The Dow outperformed the broader U.S. stock market on Monday, as a handful of industrial and technology blue-chips rose sharply on better than expected earnings.
However, Goldman Sachs is the latest Wall Street bank to warn that the current bull market is unsustainable due to the unprecedented surge of stock buybacks since the financial crisis.
The Dow Jones Industrial Average was the best-performing index on Monday. As of 2:58 p.m. ET, the DJIA was up 38.64 points, or 0.1%, at 27,231.09. Intel Corp (NASDAQ:INTC) and 3M Co (NYSE:MMM) were the index’s top performers.
The broad S&P 500 Index of large-cap stocks declined 0.2% to 3,021.24. Losses were primarily concentrated in communication services and consumer discretionary stocks.
Sliding communication shares weighed on the Nasdaq Composite Index, which fell 0.5% to 8,293.46.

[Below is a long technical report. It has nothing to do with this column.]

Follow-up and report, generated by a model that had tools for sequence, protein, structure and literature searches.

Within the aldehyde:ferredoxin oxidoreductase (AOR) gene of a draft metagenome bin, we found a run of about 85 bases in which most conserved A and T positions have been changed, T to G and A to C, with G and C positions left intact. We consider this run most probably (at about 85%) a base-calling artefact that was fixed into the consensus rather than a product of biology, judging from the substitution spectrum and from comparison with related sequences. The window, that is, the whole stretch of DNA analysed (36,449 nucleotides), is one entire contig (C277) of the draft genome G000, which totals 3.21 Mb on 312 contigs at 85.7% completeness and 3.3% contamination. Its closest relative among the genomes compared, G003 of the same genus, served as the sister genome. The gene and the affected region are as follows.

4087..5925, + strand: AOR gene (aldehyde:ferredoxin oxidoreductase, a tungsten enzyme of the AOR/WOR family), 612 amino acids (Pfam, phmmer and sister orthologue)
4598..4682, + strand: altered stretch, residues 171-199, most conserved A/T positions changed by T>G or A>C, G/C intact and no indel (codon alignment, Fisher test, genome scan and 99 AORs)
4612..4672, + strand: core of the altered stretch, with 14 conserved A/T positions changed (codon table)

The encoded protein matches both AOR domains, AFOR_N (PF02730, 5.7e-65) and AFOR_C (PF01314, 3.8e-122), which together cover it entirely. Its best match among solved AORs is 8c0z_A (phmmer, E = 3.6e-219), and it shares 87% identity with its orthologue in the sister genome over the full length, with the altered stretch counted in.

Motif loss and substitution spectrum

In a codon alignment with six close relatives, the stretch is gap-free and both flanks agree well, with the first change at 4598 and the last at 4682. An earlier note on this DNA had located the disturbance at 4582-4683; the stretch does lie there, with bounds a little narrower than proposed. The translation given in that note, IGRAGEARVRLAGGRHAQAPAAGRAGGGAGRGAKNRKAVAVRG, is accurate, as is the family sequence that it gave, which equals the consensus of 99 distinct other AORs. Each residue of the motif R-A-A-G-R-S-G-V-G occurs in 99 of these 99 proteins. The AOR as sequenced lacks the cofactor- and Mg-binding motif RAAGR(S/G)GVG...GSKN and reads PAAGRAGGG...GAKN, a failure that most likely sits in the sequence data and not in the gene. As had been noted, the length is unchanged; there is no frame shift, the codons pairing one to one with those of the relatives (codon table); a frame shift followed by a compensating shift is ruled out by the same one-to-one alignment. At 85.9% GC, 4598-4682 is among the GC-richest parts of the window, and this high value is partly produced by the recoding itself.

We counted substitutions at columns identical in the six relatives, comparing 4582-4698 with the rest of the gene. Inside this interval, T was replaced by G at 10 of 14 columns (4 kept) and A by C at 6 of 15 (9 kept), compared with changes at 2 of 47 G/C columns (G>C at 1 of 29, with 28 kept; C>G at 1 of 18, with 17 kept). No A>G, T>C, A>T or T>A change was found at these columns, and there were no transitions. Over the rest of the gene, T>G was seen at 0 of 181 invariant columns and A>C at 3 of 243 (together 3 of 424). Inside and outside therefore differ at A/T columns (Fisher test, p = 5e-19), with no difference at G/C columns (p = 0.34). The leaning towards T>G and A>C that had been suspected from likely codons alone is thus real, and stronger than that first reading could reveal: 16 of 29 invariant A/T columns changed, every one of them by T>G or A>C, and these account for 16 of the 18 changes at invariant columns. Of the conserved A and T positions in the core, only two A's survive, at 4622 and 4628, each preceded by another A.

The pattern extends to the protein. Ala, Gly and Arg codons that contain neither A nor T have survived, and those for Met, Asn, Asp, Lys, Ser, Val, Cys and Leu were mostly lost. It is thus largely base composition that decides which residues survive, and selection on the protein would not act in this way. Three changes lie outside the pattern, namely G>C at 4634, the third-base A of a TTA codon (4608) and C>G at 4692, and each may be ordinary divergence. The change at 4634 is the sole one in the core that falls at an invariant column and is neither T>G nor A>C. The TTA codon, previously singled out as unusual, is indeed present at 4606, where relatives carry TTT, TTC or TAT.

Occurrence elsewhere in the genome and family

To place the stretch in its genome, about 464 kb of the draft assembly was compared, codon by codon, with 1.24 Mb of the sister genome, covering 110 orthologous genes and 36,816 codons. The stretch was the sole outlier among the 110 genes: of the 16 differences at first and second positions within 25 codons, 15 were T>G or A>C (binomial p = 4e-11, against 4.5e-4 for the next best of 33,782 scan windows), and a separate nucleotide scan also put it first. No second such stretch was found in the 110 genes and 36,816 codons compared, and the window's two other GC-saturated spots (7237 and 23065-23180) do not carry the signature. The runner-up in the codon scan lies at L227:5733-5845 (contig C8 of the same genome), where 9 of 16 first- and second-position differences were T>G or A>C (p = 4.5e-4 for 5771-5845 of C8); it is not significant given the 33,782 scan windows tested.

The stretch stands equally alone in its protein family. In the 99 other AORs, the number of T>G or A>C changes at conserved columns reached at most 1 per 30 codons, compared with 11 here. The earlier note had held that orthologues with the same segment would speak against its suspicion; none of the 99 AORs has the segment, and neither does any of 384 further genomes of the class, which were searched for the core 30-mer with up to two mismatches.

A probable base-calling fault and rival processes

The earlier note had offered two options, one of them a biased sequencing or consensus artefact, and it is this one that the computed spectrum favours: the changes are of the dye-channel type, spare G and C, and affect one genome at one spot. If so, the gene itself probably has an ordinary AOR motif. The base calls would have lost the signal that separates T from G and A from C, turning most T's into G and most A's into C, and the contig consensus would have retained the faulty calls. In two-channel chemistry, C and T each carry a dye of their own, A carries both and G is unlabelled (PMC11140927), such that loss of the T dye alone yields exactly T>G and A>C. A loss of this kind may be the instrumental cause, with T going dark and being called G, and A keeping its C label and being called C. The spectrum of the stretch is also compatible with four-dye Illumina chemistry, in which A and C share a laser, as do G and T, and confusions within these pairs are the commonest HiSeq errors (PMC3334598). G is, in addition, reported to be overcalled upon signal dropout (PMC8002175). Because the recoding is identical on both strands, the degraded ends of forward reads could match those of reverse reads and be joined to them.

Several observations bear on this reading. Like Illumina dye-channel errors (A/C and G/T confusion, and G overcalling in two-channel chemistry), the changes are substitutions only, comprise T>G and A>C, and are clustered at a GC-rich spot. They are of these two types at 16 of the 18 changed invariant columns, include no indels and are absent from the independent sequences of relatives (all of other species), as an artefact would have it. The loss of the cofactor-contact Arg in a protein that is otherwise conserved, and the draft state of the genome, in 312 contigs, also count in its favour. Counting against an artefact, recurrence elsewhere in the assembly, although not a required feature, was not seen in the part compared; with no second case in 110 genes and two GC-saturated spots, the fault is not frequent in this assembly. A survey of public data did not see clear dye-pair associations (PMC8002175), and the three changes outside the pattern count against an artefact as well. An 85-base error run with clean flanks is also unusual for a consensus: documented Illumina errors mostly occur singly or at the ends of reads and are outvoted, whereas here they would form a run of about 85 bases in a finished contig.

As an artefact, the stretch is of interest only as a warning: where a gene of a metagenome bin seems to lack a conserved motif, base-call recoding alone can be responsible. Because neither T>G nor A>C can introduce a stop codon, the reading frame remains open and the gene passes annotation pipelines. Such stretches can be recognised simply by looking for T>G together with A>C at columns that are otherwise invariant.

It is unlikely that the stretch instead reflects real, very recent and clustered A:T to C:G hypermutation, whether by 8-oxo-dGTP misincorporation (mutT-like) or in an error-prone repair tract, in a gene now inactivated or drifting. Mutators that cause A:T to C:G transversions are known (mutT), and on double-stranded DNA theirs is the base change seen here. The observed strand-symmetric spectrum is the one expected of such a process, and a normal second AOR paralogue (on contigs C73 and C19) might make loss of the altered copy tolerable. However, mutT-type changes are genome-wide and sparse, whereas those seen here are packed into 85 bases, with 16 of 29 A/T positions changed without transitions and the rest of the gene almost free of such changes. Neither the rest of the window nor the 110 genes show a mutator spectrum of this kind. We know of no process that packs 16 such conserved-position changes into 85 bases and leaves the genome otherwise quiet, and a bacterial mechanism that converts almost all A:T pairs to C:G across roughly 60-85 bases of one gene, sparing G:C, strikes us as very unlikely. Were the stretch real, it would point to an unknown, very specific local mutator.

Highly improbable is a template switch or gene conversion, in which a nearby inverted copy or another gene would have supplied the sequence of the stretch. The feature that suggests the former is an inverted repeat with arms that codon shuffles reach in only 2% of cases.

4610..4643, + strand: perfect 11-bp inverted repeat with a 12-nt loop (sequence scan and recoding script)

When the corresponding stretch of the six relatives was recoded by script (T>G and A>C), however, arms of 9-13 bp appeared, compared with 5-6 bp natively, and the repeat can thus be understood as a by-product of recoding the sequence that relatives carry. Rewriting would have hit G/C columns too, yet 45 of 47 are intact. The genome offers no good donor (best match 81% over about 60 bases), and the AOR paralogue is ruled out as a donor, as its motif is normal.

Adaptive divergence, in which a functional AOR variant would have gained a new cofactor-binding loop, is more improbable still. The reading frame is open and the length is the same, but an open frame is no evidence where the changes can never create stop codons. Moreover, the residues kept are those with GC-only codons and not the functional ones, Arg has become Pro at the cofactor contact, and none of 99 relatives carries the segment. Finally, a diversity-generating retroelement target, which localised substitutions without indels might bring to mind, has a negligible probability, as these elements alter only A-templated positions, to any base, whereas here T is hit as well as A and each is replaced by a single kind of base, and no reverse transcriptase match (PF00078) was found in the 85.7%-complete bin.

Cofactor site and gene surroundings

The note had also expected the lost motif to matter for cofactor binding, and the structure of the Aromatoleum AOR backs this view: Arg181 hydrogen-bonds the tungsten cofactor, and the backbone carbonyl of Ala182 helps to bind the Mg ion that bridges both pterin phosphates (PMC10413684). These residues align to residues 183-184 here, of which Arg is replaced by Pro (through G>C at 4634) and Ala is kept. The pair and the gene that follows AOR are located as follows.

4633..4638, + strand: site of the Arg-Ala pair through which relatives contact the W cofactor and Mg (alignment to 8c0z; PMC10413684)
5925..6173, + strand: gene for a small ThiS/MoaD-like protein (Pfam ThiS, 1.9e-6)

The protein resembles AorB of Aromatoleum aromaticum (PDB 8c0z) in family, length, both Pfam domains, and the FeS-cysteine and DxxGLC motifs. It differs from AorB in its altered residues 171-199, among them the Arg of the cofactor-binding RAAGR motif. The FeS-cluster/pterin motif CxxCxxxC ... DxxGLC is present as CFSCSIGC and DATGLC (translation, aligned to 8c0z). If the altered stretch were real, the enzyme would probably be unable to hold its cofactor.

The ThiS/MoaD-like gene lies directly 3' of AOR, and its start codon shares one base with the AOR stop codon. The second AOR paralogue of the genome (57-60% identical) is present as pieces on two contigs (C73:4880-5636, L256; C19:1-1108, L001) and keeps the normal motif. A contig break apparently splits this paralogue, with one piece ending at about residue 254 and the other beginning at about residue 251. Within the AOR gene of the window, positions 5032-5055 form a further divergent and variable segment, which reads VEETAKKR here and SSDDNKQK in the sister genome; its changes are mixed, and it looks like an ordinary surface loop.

For the first time since 2008, stock buybacks and dividends for S&P 500 companies are outpacing cash flow, offering yet another piece of evidence that the decade-long bull market is unsustainable.
Quoting Goldman Sachs data, MarketWatch reported Monday that in the 12 months ending March 31, S&P 500 companies spent 103.8% of their free cash flow on buybacks and dividends. For the first time since 2006-08, S&P 500 companies spent more cash on payouts than they earned.
“S&P 500 share repurchases have continued to surge in 2019,” Goldman analysts said, as quoted by MarketWatch. “Although S&P 500 repurchase authorizations have declined 20% versus the year-ago period, companies retain capacity to repurchases stock under multiyear authorizations.”
As Hacked.com reported back in May, the S&P 500 Index would be about 19% lower today had it not been for the unprecedented surge in buybacks. Lawmakers on both sides of the political divide have grown weary of repurchases, with some arguing that their sole purpose is to inflate equity values and corporate bonuses.
Goldman analysts forecast that S&P 500 buybacks in 2019 will grow by 13% to $940 billion, a new all-time high. This comes even as non-financial companies in the index reported a 15% decline in their cash levels, the largest since 1980.